There has been a lot of talk about OLED but it is only now that the generational shift from LED to OLED is running seriously. But those who keep track of the market may have heard QLED as well, and it’s hard to know what’s a better option. We figure out what’s what.
To distinguish between OLED and QLED can be difficult. The names of the technicians make them look similar, but it’s quite a big difference when you learn more about them in depth. In practice, there are two completely different technologies. They, in turn, give completely different results regarding image quality.
QLED builds on LED technology. It refines it and improves colority. While OLED is a very own technique created to take a holistic approach to image quality.
“OLED is a big step forward on the technology side, almost as it went from black and white to color. If you watch a TV that looks positive in the store, you can almost be sure it’s because it’s an OLED TV, “says Pär Josefsson, Product Manager at Philips TV.
This may be the reason why many TV manufacturers have hoped for the OLED train.
OLED TVs are often found among the top models. Previously, you needed to pay quite a bit for them, but prices have fallen.
“The production of OLED panels has become more efficient and technology has evolved. This makes it possible to find OLED models at a fair price, “says Pär Josefsson.
Differences between LED, QLED, and OLED
A TV with OLED technology can turn on and off each individual pixel in the panel separately.
This means that the noise can be controlled at the precision level, all the way down until all LEDs are extinguished, and the pixel becomes completely black. The result gives a striking blackness in the picture.
“The extreme blackness that can be reproduced reinforces both the clarity of the colors and the detail domain,” says Pär Josefsson.
With LED TV, the TV’s LEDs (backlight) can only be switched on and off in one or a few larger zones. No pixel will be completely black – even if so required.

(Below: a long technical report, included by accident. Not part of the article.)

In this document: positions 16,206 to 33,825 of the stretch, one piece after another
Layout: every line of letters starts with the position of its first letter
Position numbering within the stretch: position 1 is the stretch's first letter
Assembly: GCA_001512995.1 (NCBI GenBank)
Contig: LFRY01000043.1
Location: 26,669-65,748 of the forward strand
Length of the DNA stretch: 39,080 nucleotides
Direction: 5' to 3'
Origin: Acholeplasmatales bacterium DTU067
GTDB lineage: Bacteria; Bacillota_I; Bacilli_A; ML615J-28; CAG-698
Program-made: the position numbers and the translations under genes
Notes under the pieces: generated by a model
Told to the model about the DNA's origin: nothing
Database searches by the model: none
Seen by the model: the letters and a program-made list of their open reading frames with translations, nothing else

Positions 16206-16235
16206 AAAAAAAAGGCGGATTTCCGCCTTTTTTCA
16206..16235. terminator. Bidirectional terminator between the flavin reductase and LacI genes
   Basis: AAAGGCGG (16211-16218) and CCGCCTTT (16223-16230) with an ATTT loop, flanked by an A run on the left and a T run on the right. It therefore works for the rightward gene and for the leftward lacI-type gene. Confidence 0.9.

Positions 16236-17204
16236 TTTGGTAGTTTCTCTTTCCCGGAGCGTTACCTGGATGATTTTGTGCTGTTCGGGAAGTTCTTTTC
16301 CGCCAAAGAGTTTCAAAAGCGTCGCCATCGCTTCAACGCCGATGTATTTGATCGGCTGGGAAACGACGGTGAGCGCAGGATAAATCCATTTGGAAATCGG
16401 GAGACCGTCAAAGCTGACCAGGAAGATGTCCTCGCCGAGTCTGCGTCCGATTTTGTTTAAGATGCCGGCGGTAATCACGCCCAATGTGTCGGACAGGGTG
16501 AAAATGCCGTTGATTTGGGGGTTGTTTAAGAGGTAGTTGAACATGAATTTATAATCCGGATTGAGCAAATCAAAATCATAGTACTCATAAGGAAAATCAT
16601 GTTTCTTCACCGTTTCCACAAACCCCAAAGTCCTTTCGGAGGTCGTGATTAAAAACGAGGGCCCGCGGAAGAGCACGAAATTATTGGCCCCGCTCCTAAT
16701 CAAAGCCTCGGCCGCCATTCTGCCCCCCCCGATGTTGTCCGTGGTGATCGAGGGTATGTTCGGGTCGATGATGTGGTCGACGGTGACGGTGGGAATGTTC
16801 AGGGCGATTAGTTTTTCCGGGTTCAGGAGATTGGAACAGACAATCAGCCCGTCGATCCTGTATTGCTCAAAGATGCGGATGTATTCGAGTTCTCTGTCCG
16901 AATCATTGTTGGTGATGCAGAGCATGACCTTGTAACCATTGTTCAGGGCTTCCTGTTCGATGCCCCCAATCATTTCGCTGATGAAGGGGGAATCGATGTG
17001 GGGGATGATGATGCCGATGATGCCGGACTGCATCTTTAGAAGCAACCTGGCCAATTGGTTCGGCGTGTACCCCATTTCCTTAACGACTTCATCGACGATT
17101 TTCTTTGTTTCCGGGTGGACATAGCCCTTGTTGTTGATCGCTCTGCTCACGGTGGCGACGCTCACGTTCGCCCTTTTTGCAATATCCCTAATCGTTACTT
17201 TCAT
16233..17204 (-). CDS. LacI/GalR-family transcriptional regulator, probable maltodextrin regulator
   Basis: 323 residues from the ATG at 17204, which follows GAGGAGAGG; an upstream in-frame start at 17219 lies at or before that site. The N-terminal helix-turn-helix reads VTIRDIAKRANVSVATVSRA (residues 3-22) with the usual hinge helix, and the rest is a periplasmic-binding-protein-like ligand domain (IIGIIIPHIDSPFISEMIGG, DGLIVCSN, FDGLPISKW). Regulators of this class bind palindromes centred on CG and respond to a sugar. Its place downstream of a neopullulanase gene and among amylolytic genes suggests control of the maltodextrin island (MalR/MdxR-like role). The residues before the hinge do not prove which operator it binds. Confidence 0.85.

QLED, in turn, builds on LED technology and puts a layer of nanocrystals behind the LCD panel. The crystals send light in red, green or blue. This makes the TV reproduce colors much better than it had done with standard LED technology.
Not only the panel that counts
TVs with OLED often has striking image quality. But in order for the TV to be able to utilize OLED technology seriously, a powerful image engine is also required. The sword may otherwise take over and the detail will be lost in dark parties.
be lost in dark parties.
“We have a picture engine called P5, which is especially designed to fit well with OLED panels. If you have a simpler picture engine, you get very much with OLED but lose the details in those areas, but with a good image engine like P5, it retains the details. Likewise the color. The OLED panel has a very wide color scale. The picture engine is important here too, so that you fully utilize the technology,” says Pär Josefsson.
Philips combines OLED technology with its popular feature Ambilight, which makes their models stand out on the TV market. Ambilight makes the image perceived as more contrast-rich, and also generates light flows around the TV. This makes the image look bigger than it actually is and TV viewing is more enjoyable.
OLED technology televisions are also extremely thin because they do not require any backlighting. This also provides new possibilities with the design.